Pat Quinn is learning something every governor should know from the moment he takes the oath of office: he’s not the most powerful elected official in Illinois. Not even close.
That’s especially true for Democratic governors. As Quinn balks at signing legislation that would change the way McCormick Place is run, he’s finding himself bullied and boxed in by the two Democrats who outrank him in the party’s hierarchy: Mayor Richard M. Daley and House Speaker Michael Madigan.
If Quinn signs the bill, he’ll lose the power to name McCormick Place’s CEO. The $185,250 a year job is one of the governor’s most lucrative appointments. For the next 18 months, the convention center will be run by Madigan ally Jim Reilly, who’s currently the legislature’s chief adviser on McCormick Place. After that, the CEO will be named by a board jointly appointed by the mayor and the governor.
Just so Quinn knows who wears the pants in this state, Daley is calling him on the carpet to ask him whether he’s got some sort of hand cramp that’s preventing him from signing this bill.
“We’ll be talking to him very shortly,” Daley promised.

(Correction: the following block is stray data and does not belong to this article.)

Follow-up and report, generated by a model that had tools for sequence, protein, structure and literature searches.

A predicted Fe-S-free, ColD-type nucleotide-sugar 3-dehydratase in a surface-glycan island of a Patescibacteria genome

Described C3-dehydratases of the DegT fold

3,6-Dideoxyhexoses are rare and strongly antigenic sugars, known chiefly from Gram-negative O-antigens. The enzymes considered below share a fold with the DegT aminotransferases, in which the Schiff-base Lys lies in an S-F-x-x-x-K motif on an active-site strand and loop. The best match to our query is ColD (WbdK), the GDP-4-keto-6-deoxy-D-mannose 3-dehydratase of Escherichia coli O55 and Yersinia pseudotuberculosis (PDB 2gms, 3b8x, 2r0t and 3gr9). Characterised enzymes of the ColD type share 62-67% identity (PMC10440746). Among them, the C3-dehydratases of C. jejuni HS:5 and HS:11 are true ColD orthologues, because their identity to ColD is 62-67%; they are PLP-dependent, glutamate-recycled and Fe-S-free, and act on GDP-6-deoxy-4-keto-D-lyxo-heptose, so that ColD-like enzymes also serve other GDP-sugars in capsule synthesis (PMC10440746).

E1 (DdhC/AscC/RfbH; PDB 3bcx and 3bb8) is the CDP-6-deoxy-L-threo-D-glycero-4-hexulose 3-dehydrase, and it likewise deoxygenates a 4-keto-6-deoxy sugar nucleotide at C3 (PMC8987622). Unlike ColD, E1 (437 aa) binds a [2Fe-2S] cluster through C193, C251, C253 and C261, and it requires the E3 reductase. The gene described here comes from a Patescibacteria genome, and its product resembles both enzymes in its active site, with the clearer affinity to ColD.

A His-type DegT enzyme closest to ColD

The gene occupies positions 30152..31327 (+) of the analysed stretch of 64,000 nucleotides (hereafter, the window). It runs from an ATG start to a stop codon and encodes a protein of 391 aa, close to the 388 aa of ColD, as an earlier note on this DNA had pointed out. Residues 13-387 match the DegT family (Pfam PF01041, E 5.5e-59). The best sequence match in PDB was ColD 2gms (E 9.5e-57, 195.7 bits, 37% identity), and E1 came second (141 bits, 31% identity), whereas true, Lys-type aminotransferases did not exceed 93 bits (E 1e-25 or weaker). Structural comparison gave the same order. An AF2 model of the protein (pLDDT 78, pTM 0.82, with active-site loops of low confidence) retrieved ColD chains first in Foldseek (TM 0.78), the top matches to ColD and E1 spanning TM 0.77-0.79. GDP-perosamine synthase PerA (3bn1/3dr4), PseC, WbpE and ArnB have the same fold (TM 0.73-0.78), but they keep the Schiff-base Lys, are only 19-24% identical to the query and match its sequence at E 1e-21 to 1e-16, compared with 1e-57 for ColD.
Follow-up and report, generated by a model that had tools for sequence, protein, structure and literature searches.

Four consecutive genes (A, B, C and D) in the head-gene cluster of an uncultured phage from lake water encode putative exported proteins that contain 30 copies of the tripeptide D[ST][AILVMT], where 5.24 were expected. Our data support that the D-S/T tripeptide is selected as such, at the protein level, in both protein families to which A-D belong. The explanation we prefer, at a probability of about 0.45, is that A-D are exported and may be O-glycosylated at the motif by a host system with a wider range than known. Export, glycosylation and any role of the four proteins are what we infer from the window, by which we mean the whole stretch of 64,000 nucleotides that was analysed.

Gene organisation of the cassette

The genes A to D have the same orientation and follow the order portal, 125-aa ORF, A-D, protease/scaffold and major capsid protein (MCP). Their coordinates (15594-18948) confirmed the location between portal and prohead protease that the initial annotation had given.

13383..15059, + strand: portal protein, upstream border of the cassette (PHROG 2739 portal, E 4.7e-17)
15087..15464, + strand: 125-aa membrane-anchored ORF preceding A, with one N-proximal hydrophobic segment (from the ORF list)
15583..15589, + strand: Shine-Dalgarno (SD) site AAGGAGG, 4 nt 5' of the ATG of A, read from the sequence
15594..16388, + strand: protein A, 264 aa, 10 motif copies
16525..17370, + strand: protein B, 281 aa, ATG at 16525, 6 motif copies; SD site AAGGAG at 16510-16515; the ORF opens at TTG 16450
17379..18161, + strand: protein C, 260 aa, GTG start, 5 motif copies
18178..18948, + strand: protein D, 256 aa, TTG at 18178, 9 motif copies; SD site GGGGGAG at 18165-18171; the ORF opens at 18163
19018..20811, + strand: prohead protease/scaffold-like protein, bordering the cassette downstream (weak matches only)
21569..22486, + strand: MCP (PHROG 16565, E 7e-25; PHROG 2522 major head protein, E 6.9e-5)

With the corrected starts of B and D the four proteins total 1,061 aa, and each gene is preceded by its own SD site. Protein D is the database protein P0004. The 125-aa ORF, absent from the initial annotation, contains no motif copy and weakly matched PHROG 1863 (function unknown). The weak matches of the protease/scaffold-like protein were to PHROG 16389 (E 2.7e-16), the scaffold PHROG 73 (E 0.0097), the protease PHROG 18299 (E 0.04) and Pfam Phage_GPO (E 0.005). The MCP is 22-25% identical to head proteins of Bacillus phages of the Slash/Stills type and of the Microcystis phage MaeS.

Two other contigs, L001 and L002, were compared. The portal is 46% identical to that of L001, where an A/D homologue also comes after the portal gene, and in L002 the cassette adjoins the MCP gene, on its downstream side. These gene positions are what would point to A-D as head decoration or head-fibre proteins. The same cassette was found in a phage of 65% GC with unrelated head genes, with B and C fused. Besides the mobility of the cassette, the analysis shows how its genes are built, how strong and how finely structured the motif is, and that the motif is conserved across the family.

The bill will also cut union jobs by allowing exhibitors to set up their own booths. Unlike Mayor-for-Life Daley and Speaker-for-Life Madigan, Quinn has to worry about winning re-election. And he needs union support to do so.
It’s not pretty to see a Democratic governor kicked around by two allegedly lower-ranking office holders. It does explain, though, why Republicans were able to control the governor’s office for so long. After Gov. Dan Walker clashed with the Chicago Machine, Mayor Richard J. Daley put up a candidate who beat him in the 1976 Democratic primary, beginning 26 years of Republican rule in Springfield. Throughout that period, Republican governors presented themselves as a counterweight to Chicago’s Democratic mayor.
During a committee hearing on the bill, Madigan admitted that McCormick Place “may be different,” but that changes were needed to ensure that Chicago doesn’t lose conventions to rival cities.
“But life is full of changes, right?” Madigan said -- knowing that in Illinois, he’s the one who gets to decide whose life changes.